According to the chairman of the congress Suleymanov, the purpose of the event was the formation of a new social movement. The presidium was attended by veterans of the Chechen political movement: social activist Makhmud Bibulatov, Chechen activist Yaragi Sulumov living in Germany, as well as new figures in the person of the head of the Chechen opposition movement 1ADAT Ibragim Yangulbaev, Saikhan Muzaev (mentioned in the media as a refugee in Georgia and a friend of the one killed in Berlin in 2019, former Ichkerian field commander Zelimkhan Khangoshvili) and others.
…Speaking on behalf of the Chechen diaspora, Maskhadov and the Yangulbaev brothers (the youngest of them, Baysangur, who was recently included in the list of extremists in the Russian Federation, was also here) called for intensifying political activity and confronting certain forces that, in their opinion, lead to disunity among supporters independent Ichkeria. No one has been able to pinpoint what these powers are.
An unnamed representative of the Dzhokhar Dudayev battalion, who is fighting on the side of Ukraine, expressed support for Suleymanov. On his personal Facebook page, Bogdan Chechensky, a representative of the Sheikh Mansur volunteer battalion also expressed support for the leader of “Tolam”.
Suleimanov himself spoke sharply about the so-called government abroad, headed by Akhmed Zakayev, and accused the latter of “a trail of adventures and state crimes.” He did not go into details.
…Khusein Dzhambetov, a member of the [Zakaev’s] Separate Special Purpose Battalion participating in the war on the side of Ukraine, and his deputy Hadji-Murat Zumso said that their military units will become the base of the army of Ichkeria in the future.
“Divided Chechen diaspora redoubles efforts to woo Kyiv,” Intelligence Online (Paris-based subscription news outlet), 28 November 2022. https://www.intelligenceonline.com/government-intelligence/2022/11/28/divided-chechen-diaspora-redoubles-efforts-to-woo-kyiv,109868303-eve
Both groups are striving for the same goal: to free Chechnya from what they consider to be its illegal occupation by Ramzan Kadyrov’s pro-Russian regime, an aim shared by other opposition groups and some members of the Ukrainian government. On other matters, however, the two factions are deeply divided, which is why they are holding separate events.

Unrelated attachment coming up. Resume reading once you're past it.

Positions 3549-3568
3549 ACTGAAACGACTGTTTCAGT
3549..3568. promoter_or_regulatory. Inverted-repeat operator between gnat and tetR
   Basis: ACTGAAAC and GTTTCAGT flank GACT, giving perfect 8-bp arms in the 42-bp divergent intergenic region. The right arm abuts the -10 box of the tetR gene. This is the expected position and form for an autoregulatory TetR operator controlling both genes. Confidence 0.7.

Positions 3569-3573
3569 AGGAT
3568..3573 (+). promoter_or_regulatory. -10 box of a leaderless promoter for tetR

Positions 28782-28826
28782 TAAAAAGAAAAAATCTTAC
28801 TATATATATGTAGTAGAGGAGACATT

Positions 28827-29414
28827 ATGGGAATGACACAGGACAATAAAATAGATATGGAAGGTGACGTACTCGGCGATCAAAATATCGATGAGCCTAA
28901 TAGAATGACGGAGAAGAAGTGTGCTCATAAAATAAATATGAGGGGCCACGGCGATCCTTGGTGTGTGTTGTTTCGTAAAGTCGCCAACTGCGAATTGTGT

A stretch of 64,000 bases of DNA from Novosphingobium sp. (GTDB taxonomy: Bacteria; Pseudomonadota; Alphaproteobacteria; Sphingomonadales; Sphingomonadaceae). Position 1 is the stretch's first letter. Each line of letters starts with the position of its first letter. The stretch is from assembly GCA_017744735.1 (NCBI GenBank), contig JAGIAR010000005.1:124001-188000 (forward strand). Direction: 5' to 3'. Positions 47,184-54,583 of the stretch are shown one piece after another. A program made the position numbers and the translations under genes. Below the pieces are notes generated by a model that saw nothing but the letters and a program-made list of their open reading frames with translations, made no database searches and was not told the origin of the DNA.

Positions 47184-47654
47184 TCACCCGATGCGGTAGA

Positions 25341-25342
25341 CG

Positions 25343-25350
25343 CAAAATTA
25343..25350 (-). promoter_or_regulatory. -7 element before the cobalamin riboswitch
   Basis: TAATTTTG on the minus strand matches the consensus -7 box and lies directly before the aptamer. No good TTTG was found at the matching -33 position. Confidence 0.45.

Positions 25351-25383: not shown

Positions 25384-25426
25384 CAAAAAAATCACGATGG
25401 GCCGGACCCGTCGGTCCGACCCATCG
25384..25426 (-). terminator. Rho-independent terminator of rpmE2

In June, Zakayev, who has appointed himself prime minister in exile, brokered an agreement that was signed by a Ukrainian deputy defence minister, to create a special battalion of Chechen fighters, OBON, within the regular Ukrainian army under contract. OBON currently has around 20 members. The new unit joins other Chechen troops, which have been in Ukraine since 2014: the Sheikh Mansur Battalion, which has several hundred men in rotation, and the smaller Djokhar- Dudayev Battalion. Both battalions are close to the Suleymanov faction and do not recognise Zakayev’s authority.
Zakayev has been active in Ukraine since the beginning of the Russian invasion. As early as February, he made public appeals from London to President Volodymyr Zelensky, encouraging the head of state to create a clear framework for foreign volunteers to become legally involved in the fighting. He regularly visits Kyiv, where he has placed his defence “minister”, Magomed Dikiev, in a permanent diplomatic role.
[i] The inability of the Chechens to unite is complicated and has to do with many factors including culture, the importance of family clan, and the national myth, which values every male as a warrior. In an interview for a documentary film, former Chechen warlord and field commander Salman Raduev said, “We are a nation of one million people, we are a nation of one million generals… every Chechen is a general.” Although intended as hyperbole, Raduev’s comment speaks volumes about the Chechens’ inability to fight or govern together. See; Immortal Fortress: Inside Chechnya’s Warrior Culture,” Combat Films and Research for PBS, 1999. https://vimeo.com/ondemand/immortalfortress
[ii] Both movements draw their followers from about 200,000 Chechens who emigrated to Europe during the first and second Russian-Chechen wars between 1994 and 2009.